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Scholar
Scholar
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Registered: ‎05-28-2012

Re: U-Boot SD card support breaks with certain CPU frequencies

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Thanks for posting the solution. The change from 650MHz to 783.33 MHz is about 20% faster. At 650MHz, a retry of 10000 seems already too low for comfort. An order of magnitude higher would be better.

The u-boot code would suggest that broken R1B quirk has something to do with it. It certainly hides the timeout error.

 

drivers/mmc/zynq_sdhci.c

int zynq_sdhci_init(phys_addr_t regbase)
{
  ...
  host->quirks = SDHCI_QUIRK_WAIT_SEND_CMD |
                 SDHCI_QUIRK_BROKEN_R1B;
  ...
}

drivers/mmc/sdhci.c

static int sdhci_send_command(struct mmc *mmc, struct mmc_cmd *cmd,
           struct mmc_data *data)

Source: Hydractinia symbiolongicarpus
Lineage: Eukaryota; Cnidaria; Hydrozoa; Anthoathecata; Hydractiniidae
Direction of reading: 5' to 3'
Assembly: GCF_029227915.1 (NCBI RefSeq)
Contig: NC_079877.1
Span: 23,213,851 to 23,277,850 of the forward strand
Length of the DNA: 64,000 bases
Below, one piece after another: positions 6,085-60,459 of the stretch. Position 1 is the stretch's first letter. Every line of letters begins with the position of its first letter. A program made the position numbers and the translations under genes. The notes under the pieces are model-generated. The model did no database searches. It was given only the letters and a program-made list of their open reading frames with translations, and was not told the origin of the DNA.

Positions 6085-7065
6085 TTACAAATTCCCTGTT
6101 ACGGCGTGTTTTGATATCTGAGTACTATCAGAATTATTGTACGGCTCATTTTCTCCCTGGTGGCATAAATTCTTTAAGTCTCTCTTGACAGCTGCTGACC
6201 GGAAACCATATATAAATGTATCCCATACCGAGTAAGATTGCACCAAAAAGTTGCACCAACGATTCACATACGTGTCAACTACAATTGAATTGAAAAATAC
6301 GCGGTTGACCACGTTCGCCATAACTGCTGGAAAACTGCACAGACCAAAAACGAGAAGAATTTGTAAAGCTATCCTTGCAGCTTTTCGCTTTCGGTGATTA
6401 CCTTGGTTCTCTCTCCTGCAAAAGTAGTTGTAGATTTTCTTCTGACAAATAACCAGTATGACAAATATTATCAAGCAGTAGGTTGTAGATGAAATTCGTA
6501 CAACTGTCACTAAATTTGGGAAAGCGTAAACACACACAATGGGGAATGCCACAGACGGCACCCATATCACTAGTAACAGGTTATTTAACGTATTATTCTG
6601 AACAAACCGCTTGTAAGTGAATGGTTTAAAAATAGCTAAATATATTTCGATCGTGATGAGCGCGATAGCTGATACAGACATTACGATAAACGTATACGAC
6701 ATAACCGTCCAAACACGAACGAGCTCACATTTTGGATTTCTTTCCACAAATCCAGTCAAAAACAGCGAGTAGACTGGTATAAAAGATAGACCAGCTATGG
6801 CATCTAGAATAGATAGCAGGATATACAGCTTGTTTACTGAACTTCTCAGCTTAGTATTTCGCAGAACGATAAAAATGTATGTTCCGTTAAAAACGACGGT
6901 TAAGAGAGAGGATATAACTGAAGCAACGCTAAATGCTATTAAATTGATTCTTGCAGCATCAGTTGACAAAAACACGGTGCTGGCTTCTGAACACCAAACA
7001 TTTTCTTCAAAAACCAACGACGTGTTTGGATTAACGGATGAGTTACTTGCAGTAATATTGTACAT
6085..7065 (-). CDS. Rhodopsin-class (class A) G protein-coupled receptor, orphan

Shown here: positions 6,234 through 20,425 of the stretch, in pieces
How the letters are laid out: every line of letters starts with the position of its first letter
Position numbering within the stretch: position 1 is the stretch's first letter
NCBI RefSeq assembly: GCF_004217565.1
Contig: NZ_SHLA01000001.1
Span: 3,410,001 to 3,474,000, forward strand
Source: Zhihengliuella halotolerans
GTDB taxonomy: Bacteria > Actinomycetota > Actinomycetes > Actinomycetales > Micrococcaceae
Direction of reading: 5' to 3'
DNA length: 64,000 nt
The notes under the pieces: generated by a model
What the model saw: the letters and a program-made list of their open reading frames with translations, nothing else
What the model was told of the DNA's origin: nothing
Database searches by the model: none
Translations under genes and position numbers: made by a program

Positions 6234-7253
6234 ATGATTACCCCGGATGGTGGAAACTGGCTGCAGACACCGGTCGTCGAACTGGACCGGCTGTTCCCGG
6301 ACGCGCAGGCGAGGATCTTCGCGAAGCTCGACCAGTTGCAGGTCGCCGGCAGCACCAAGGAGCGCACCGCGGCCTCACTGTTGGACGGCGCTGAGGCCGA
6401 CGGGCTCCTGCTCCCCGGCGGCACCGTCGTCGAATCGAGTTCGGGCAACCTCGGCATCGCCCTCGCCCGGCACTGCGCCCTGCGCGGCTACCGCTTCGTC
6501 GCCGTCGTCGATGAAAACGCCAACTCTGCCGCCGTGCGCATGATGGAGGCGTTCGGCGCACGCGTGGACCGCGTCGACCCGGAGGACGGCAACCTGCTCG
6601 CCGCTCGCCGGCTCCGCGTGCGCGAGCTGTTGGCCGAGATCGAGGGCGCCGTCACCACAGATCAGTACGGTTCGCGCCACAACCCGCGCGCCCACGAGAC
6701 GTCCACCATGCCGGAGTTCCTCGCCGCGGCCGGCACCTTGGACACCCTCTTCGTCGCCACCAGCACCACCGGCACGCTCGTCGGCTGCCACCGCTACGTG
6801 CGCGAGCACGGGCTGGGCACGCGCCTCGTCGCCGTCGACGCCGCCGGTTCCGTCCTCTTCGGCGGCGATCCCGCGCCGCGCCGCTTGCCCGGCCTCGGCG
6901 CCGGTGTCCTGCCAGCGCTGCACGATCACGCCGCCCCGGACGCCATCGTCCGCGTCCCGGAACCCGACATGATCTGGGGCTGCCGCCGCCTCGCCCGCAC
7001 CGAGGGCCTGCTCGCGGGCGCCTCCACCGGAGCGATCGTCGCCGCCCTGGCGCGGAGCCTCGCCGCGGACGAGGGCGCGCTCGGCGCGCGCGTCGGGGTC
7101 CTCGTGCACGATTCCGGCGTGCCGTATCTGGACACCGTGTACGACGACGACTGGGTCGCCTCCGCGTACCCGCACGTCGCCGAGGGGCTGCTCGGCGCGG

{
  ...
  unsigned int retry = 10000;
  ...
  sdhci_writew(host, SDHCI_MAKE_CMD(cmd->cmdidx, flags), SDHCI_COMMAND);
  do {
    stat = sdhci_readl(host, SDHCI_INT_STATUS);
    if (stat & SDHCI_INT_ERROR)
      break;
    if (--retry == 0)
      break;
  } while ((stat & mask) != mask);

  if (retry == 0) {
    if (host->quirks & SDHCI_QUIRK_BROKEN_R1B)
      return 0;
    else {
      printf("%s: Timeout for status update!\n", __func__);
      return TIMEOUT;
    }
  }
  ...
  if (host->quirks & SDHCI_QUIRK_WAIT_SEND_CMD)
    udelay(1000);

...
}

What amount of retry remained at the highest CPU frequency? Does different cards affect the timing?